Global oil demand is set to rise to a record high in 2023 after China eased its Covid-19 restrictions in a move that could drive crude oil prices higher in the second half of the year, according to the International Energy Agency.
“Two wild cards dominate the oil market outlook for 2023: Russia and China,” the IEA said in its first monthly oil report of the year. “This year, oil demand could increase by 1.9 million b/d to reach 101.7 million b/d, the highest on record, tightening the balance sheet as Russian supply declines under the full impact of sanctions.”
Russian oil supply had “held steady” in December at 11.2 million b/d despite EU sanctions.
However, the Paris-based IEA predicted that the “well-supplied” global oil market at the start of the year could “tighten rapidly” as Western sanctions – notably an EU ban on imports of refined Russian products from February 5 – took full effect.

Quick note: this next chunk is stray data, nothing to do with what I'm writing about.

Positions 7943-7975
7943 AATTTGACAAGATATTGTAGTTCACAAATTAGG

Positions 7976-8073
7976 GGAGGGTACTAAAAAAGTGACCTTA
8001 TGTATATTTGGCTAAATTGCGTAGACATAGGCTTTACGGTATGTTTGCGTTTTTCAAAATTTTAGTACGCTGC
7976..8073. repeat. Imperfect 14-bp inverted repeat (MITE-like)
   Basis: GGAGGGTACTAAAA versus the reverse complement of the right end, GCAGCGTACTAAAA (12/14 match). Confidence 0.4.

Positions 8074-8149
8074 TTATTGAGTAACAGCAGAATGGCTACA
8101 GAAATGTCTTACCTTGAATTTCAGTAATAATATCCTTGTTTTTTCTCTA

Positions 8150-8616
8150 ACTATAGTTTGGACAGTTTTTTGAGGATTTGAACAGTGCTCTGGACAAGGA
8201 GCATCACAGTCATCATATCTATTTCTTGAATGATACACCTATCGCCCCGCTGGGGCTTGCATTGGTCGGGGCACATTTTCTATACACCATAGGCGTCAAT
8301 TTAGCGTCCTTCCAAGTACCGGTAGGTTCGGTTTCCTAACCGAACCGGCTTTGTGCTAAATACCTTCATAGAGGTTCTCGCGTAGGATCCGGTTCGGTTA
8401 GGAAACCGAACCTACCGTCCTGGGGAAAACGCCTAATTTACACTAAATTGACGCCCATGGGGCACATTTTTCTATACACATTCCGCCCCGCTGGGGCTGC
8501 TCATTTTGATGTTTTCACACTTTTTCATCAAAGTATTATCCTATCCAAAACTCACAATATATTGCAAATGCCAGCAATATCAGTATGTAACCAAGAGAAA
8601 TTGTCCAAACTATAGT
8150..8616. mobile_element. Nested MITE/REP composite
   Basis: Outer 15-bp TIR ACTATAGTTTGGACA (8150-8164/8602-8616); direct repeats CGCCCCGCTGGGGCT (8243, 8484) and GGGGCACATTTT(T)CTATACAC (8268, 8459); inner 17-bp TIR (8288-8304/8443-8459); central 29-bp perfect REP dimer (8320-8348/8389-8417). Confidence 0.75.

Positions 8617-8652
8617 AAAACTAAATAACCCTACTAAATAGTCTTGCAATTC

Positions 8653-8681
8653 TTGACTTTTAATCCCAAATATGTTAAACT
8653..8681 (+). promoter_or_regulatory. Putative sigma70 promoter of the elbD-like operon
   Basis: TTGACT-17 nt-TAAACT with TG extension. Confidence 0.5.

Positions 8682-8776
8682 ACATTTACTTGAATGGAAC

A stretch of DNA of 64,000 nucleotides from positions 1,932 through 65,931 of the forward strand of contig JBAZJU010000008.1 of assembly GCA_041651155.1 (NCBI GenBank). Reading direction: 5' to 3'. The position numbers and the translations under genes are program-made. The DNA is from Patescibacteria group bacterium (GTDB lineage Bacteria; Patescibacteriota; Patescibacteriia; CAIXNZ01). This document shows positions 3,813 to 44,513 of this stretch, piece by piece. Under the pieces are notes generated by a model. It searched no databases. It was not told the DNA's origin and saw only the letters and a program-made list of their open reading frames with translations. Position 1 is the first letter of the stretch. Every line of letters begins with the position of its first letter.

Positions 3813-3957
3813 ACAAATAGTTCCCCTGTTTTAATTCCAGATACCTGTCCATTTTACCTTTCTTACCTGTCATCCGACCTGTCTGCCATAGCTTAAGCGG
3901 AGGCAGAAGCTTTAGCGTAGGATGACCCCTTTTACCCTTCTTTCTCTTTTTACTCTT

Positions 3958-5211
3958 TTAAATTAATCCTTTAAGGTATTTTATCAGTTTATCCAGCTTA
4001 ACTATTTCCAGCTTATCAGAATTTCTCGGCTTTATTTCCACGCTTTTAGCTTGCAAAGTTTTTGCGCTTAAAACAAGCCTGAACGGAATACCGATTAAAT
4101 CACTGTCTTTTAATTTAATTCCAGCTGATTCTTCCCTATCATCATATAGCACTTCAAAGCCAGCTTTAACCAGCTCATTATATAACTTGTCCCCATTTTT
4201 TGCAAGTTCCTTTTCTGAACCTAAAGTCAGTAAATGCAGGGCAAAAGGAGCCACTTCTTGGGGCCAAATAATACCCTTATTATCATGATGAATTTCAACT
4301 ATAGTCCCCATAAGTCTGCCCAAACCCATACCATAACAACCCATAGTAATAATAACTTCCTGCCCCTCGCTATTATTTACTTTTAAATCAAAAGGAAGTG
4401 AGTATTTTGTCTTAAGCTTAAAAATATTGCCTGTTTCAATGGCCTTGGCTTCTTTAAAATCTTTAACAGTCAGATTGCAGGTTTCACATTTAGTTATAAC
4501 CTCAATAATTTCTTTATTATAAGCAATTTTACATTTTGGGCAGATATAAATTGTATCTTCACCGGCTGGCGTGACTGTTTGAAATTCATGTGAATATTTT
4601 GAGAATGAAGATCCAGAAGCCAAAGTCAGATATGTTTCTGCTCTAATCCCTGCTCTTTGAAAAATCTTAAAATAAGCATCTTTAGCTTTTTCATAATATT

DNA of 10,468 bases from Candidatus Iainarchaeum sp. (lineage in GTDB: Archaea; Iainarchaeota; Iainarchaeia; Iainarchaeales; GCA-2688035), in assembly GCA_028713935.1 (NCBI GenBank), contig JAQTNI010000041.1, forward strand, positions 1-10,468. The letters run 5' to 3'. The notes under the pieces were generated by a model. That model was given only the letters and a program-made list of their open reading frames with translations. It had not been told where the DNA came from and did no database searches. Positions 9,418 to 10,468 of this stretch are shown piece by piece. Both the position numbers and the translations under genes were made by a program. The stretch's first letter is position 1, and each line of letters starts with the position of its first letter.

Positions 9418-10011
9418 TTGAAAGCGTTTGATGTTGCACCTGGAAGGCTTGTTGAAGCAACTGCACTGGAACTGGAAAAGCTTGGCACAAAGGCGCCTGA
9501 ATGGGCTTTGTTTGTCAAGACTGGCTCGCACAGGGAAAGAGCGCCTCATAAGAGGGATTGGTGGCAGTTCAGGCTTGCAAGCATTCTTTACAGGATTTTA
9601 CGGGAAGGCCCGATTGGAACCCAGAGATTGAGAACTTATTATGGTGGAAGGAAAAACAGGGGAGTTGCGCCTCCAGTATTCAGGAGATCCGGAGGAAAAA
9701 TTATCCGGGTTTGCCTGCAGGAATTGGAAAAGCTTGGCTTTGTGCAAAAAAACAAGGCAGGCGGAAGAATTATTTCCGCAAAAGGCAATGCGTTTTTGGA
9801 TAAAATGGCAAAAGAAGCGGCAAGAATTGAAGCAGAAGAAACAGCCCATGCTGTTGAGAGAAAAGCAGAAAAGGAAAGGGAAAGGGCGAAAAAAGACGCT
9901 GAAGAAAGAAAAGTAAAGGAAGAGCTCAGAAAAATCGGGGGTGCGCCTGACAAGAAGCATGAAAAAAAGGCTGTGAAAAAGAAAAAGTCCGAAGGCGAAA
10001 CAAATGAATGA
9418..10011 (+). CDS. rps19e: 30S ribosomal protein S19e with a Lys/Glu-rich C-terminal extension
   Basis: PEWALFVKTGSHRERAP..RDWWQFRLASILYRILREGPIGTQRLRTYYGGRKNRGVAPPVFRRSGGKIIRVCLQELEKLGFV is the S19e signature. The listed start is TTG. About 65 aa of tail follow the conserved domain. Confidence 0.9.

The IEA said almost half of the expected increase in oil consumption this year would come from China, although the “shape and speed” of China’s reopening remained uncertain.
Beijing’s Covid-19 restrictions, which depressed economic activity last year, meant Chinese oil demand in 2022 fell for the first time since 1990, falling by an average of 390,000 b/d, the biggest annual decline on record.
But the easing of quarantine and testing measures in November, followed by Beijing’s abrupt decision to abandon its zero-Covid regime in early December, had already boosted Chinese consumption, the IEA said. Chinese oil demand in November rose 470,000 b/d compared to October, according to IEA data